The point at (0°, 0°) is not generally given a name All geographers, cartographers and surveyors ought to know the following, but I reference some sources anyway: According to Matt Rosenberg The point at which the equator (0° latitude) and the prime meridian (0° longitude) intersect has no real significance but it is in the Gulf of Guinea in the ...


13

Looks like ogr2ogr has support for exactly this problem. The below is copied directly from that page: How do I flip coordinates when they are not in the expected order The EPSG has a recommanded order for geographic SRS where the coordinates tuples of a geometry must appear in the (latitude, longitude) order, whereas most GIS will properly display such ...


13

When you transform you always transform pair of points: ol.proj.transform([23.4, 42.5], 'EPSG:4326','EPSG:3857'); (this transforms from EPSG 4326 to EPSG 3857; the coordinates are [lon, lat])


13

There are plenty of ways to do this using both open source (pyproj, gdal, postgis) and commercial libraries (ArcGIS). If it's just a one time work, you could use this service from Boundless: http://prj2epsg.org/search The service is: Prj2EPSG is a simple service for converting well-known text projection information from .prj files into standard EPSG ...


12

It depends on what you mean by 'Universal Coordinate System'. If you wonder whether most Professionals understand Latitude and longitude, well in that case it is pretty much universally understood. But if you ask, whether it is used by everyone, then the answer is a resounding, No. There are many reasons why people use projected coordinate systems instead ...


12

Disclaimer: Any method you use to do this, especially with a consumer GPS unit, is going to be an approximation at best. If you truly want to know where the boundaries are, you will need to locate property pins/corners which might require a metal detector. Your best, safest option is to hire a professional land surveyor. No, those are not lat/longs in the ...


11

Although geodesics do look a little like sine waves in some projections, the formula is incorrect. Here is one geodesic in an Equirectangular projection. Clearly it is not a sine wave: (The background image is taken from http://upload.wikimedia.org/wikipedia/commons/thumb/e/ea/Equirectangular-projection.jpg/800px-Equirectangular-projection.jpg.) Because ...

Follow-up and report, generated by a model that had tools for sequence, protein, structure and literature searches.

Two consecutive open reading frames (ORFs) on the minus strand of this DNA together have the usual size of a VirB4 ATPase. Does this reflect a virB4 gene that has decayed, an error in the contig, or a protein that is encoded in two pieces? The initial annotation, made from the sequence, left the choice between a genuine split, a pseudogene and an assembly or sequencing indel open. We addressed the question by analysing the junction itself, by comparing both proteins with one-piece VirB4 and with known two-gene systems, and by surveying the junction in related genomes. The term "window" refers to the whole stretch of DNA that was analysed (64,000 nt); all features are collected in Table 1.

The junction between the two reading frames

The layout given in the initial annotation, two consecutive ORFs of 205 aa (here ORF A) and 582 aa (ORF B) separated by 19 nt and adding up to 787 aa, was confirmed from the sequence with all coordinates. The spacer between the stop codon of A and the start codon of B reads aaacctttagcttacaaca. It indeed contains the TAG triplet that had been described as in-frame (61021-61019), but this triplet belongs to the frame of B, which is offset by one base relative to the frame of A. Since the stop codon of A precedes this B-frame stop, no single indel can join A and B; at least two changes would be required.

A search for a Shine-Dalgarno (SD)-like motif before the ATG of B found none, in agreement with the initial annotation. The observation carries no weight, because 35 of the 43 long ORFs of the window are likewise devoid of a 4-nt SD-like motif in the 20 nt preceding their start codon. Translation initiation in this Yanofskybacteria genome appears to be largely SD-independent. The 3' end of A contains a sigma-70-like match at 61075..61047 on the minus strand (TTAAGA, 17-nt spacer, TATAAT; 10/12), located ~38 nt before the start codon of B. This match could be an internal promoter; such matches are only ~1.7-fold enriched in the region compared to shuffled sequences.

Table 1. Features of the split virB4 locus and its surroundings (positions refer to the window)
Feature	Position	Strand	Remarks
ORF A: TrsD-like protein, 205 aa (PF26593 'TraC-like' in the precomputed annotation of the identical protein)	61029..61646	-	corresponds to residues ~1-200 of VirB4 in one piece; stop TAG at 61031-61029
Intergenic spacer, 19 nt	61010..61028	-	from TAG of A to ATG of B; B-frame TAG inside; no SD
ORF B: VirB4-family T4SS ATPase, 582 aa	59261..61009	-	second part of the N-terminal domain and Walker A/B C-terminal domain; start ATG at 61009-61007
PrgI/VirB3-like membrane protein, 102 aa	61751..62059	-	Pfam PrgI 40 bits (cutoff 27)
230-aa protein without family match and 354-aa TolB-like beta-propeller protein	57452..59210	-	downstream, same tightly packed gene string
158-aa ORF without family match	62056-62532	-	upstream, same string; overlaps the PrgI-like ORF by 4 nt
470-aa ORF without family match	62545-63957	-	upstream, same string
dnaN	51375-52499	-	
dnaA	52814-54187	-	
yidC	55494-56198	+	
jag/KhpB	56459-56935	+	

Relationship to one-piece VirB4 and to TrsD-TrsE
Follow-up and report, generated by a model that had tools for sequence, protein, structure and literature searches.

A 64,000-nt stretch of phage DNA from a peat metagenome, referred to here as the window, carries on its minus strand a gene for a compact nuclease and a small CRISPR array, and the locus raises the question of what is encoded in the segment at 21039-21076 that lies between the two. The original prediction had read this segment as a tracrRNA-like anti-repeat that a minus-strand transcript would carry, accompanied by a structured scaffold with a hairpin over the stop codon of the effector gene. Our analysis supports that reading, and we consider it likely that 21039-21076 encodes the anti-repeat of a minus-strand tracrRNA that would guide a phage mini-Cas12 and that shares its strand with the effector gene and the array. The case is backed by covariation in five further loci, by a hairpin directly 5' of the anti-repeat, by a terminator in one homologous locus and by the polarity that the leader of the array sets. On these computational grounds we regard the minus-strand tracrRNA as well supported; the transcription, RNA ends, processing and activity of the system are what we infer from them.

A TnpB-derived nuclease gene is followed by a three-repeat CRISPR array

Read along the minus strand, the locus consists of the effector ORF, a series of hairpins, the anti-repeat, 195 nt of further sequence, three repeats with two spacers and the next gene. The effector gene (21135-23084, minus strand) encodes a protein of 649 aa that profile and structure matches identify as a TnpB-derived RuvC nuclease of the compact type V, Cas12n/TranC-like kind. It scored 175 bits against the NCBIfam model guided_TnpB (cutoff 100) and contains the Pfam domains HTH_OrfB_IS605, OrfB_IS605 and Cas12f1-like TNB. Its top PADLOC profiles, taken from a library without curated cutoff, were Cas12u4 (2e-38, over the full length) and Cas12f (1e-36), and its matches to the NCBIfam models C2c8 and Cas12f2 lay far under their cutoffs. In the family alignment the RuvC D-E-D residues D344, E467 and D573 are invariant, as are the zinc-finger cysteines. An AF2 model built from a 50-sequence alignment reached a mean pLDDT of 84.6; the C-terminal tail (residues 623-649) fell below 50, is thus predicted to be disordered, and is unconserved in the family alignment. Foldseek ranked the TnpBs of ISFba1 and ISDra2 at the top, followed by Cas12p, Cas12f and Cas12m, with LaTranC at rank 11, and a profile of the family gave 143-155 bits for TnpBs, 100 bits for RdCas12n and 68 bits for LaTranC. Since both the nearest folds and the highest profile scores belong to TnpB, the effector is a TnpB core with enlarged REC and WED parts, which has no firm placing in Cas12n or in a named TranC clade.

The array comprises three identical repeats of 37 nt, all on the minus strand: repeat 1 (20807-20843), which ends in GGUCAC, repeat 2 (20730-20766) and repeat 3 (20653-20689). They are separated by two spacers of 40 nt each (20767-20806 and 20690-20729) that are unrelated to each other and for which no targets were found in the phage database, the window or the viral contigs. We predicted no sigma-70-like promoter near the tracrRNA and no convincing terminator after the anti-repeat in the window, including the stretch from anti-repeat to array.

11

I've answered this question in passing while answering another of your question. The Greenwich Observatory was defined as a prime meridian, based on the observations by the astronomer Sir George Airy in 1851. London was selected as the official prime meridian for international maps by the International Meridian Conference in 1884. When you use a GPS, by ...


11

I propose a solution using PyQGIS: the several codes instantly work from the Python Console, but they can easily be implemented in separate scripts (see the edit at the end of the answer). Each script will return a new memory vector layer storing the inverted lon/lat coordinates for the geometries. I tested the solution on several datasets available from ...


10

As stated in the tool documentation for Calculate Field: Python expressions can use the geometry area and length properties with an areal or linear unit to convert the value to a different unit of measure (for example, !shape.length@kilometers!) These expressions are not usable with points or individual coordinates. Fortunately, you can use other ...


10

This is quick and dirty. Most of this was adapted from the following website: http://www.movable-type.co.uk/scripts/latlong.html I haven't tested this too much but it seemed to work after initial testing. It will return a list of lat, long coordinate pairs along a line at a specified interval. I wrote it in python since I don't know php very well. from ...


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Your coordinates are likely in UTM (Universal Transverse Mercator) Eastings and Northings. You can convert UTM coordinates to lat/long online using many different sites. Here in one. You can also perform this calculation in excel or inside of a database if you can work out the formula. Alternatively you can perform the conversion inside of a GIS such as ...


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Seems to be http://en.wikipedia.org/wiki/UN/LOCODE Coordinate syntax explained in http://www.unece.org/fileadmin/DAM/cefact/locode/Service/LocodeColumn.htm#Coordinates 1.10 Column "Coordinates" This column contains the geographical coordinates (latitude/longitude) of the location, if there is any. In order to avoid unnecessary use of non-...


9

A lat lays flat. Can't think of a matching one for longitude.


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The trick of remembering latitude as 'ladder'tude always helped me. Think of a ladder standing up and the rungs of the ladder representing the E-W latitude lines.